An independent investigator’s report on past allegations of domestic violence against Dennis White, who was named Boston Police Commissioner in February, uncovered more graphic and startling details than earlier reports. It also pointed to continued attempts by the Boston Police Department and City Hall to keep secret allegations that had been documented 22 years earlier. The investigator, attorney Tamsin R. Kaplan, was only hired to vet the police commissioner 11 days after he was sworn in — and more than a week after the Globe broke the news about a 1999 domestic violence allegation against White.
Here are 11 of the revelations the report contains:
1. Blue wall of silence
Of the 21 witnesses the investigator sought for information, only seven cooperated. The report suggests Boston police officers were discouraged from cooperating with the investigation, stating, “One retired BPD officer told me that they had received at least five phone calls directing them not to talk with me.”
2. Details of the abuse allegations
The domestic violence allegations against White were repeated and brutal, according to accounts provided by four witnesses who provided information. The victim had said he’d burned her hair; put her face to the stove and tried to turn it on; thrown a TV at her; put his hands on her neck and started to strangle her; stepped on her face; and stomped on her legs when she crawled under the bed to escape his kicking. The victim kept a diary that documented her experiences and shared notes with a relative for safekeeping, stating, “if anything happens to me, I want you to have this diary. . . . If anything happens to me, it would be Dennis.”
3. White’s former wife reported abuse multiple times
A witness confirmed to the investigator that White’s former wife contacted the domestic violence unit multiple times to report allegations of physical abuse by White. However, no internal affairs investigations were opened until the victim got a restraining order in May 1999.
4. Disappearing records
The investigator requested all files from the domestic violence unit relating to the reported abuse allegations against White, but a search of Boston police archives turned up nothing. This is despite the fact that a witness told the investigator that “reports were made” at the time of the wife’s calls.
5. Internal affairs ruling changed
Internal affairs had originally sustained a finding of neglect of duty and unreasonable judgment by White over an episode when he was accused of threatening to shoot his then-wife in 1999. That finding was later downgraded to “filed,” on the recommendation of Superintendent Thomas A. Dowd and with the approval of Police Commissioner Paul F. Evans. White revealed during the investigative probe that he had initiated the change with his commanding officer who had said, “Let me speak with the higher ups.”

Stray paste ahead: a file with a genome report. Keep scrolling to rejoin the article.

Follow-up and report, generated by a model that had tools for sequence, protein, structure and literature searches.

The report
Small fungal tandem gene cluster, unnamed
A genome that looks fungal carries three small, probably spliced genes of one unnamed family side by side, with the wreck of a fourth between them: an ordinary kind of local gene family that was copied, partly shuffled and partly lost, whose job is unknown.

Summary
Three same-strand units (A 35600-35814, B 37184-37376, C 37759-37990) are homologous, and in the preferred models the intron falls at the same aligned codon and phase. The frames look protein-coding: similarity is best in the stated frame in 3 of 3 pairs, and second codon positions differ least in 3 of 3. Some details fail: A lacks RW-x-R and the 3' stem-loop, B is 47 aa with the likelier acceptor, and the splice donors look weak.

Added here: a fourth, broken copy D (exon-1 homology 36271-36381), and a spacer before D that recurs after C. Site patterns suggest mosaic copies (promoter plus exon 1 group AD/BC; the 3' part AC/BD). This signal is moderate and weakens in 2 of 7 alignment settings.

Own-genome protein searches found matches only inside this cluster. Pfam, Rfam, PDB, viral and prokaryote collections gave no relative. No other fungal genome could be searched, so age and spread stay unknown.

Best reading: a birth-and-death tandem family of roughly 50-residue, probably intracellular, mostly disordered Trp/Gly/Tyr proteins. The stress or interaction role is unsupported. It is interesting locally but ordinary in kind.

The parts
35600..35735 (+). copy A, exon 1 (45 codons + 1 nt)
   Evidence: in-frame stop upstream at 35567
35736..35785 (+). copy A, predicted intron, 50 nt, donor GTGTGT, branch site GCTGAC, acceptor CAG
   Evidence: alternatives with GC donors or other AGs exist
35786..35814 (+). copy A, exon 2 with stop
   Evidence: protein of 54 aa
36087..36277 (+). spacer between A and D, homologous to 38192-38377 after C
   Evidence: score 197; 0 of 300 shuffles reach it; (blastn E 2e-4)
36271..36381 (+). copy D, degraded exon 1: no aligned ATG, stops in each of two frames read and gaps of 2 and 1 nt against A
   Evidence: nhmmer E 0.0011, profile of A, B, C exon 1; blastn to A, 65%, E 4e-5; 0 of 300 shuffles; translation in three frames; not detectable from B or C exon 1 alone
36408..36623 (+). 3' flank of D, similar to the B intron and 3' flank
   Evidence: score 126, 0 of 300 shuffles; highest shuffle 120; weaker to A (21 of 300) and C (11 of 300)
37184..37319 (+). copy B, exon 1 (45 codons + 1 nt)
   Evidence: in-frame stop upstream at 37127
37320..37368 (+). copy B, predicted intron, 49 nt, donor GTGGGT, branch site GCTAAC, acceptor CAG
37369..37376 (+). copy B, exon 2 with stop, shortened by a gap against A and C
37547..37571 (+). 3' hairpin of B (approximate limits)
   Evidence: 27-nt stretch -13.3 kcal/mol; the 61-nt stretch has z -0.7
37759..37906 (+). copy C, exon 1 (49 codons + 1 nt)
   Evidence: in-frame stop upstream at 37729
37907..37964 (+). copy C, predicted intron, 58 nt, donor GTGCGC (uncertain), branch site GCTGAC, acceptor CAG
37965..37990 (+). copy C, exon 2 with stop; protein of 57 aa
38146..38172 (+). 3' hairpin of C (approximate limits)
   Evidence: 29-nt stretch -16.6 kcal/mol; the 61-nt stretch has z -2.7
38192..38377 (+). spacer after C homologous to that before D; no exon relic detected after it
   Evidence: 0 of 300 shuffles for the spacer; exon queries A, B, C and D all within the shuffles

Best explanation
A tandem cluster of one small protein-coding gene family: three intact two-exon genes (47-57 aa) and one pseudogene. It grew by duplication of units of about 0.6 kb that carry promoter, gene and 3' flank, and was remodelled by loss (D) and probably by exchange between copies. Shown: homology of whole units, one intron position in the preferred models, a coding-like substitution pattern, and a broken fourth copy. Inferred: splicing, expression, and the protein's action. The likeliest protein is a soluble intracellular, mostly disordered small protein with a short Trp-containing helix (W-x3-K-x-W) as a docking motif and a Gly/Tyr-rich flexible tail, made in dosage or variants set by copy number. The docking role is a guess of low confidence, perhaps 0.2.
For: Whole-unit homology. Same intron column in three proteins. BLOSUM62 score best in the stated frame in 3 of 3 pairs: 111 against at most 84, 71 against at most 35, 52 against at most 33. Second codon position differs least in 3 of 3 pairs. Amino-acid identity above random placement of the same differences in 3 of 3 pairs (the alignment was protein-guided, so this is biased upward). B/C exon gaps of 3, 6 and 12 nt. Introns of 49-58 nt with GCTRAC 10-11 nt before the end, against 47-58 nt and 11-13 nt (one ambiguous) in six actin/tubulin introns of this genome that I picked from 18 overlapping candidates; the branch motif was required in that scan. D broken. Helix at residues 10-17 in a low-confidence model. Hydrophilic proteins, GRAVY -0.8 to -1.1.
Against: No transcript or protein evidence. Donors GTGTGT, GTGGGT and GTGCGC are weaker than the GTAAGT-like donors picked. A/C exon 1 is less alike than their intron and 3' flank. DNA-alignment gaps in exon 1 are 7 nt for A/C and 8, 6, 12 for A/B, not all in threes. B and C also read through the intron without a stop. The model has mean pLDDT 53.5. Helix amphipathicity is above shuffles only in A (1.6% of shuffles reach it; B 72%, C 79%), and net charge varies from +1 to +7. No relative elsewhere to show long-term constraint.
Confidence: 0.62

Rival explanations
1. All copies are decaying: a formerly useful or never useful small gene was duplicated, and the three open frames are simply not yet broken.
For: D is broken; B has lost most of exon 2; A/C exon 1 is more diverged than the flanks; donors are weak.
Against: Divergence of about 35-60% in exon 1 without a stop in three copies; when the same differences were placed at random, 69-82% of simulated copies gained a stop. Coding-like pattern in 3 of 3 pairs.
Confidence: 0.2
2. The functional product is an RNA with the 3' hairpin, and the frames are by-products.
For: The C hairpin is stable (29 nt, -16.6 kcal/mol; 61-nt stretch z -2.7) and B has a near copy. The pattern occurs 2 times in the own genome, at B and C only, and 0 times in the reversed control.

6. Retaliation against domestic violence officers
A witness said officers in the domestic violence unit had “been through hell and back” because of retaliation against them over the White case. Sergeant Gladys Gaines, who had investigated the case, was transferred out of the unit in February 2000.
7. City Hall blocks the investigation it initiated
The city’s top lawyer, then-corporation counsel Eugene O’Flaherty, initially told Kaplan to investigate White “to the fullest extent possible.” But 10 days into the investigator’s probe, which was expected to take several more weeks, O’Flaherty told Kaplan to terminate the work. Though O’Flaherty soon reversed that decision, White then refused to cooperate, saying the city was not conducting the investigation in good faith.
8. City meddling
The investigator was not permitted to use her own contracted vendor to conduct a background check on White through the Criminal Offender Record Information system. Instead, the background check was provided to her through the city. The Office of Human Resources had its own vendor conduct the background check, which was forwarded to the investigator through the city’s lawyer.
9. Defense meddling
After White did submit to an interview, his lawyer objected to some of the claims made against him and threatened legal action, including a potential defamation claim. The lawyer asked to review a draft of the report before it was released and to “request revisions if inappropriate content is included.” (The investigator refused.)
10. Another alleged victim
In a 1993 altercation, a 19-year-old woman known to White alleged that he punched her, threw her down the stairs and out his front door, calling her a “whore” — after she had rejected a sexual advance by White and told his wife about it. The investigator interviewed witnesses and unearthed details from the BPD Internal Affairs Division, court records, and medical records. White admitted only to hitting her with an open hand after she charged him and kicked him in a knee that had recently undergone surgery. Each filed a claim against the other that was dismissed by the court, though she was granted a protection from abuse order; White sought one against her and was denied. Internal affairs determined he did not physically abuse her or violate any BPD rules regarding the use of force, agreeing that his strike was a “reflexive self-defense response.”
11. The Boston police commissioner doesn’t live in Boston
A footnote makes clear that the suspended commissioner isn’t a city resident. Boston has a city residency requirement for employees, but many city police do not satisfy it.
“As contained in Commissioner White’s personnel records and corroborated by Commissioner White during his April 15, 2021 interview, he is not a resident of the City of Boston. Commissioner White currently resides in Randolph, Massachusetts.”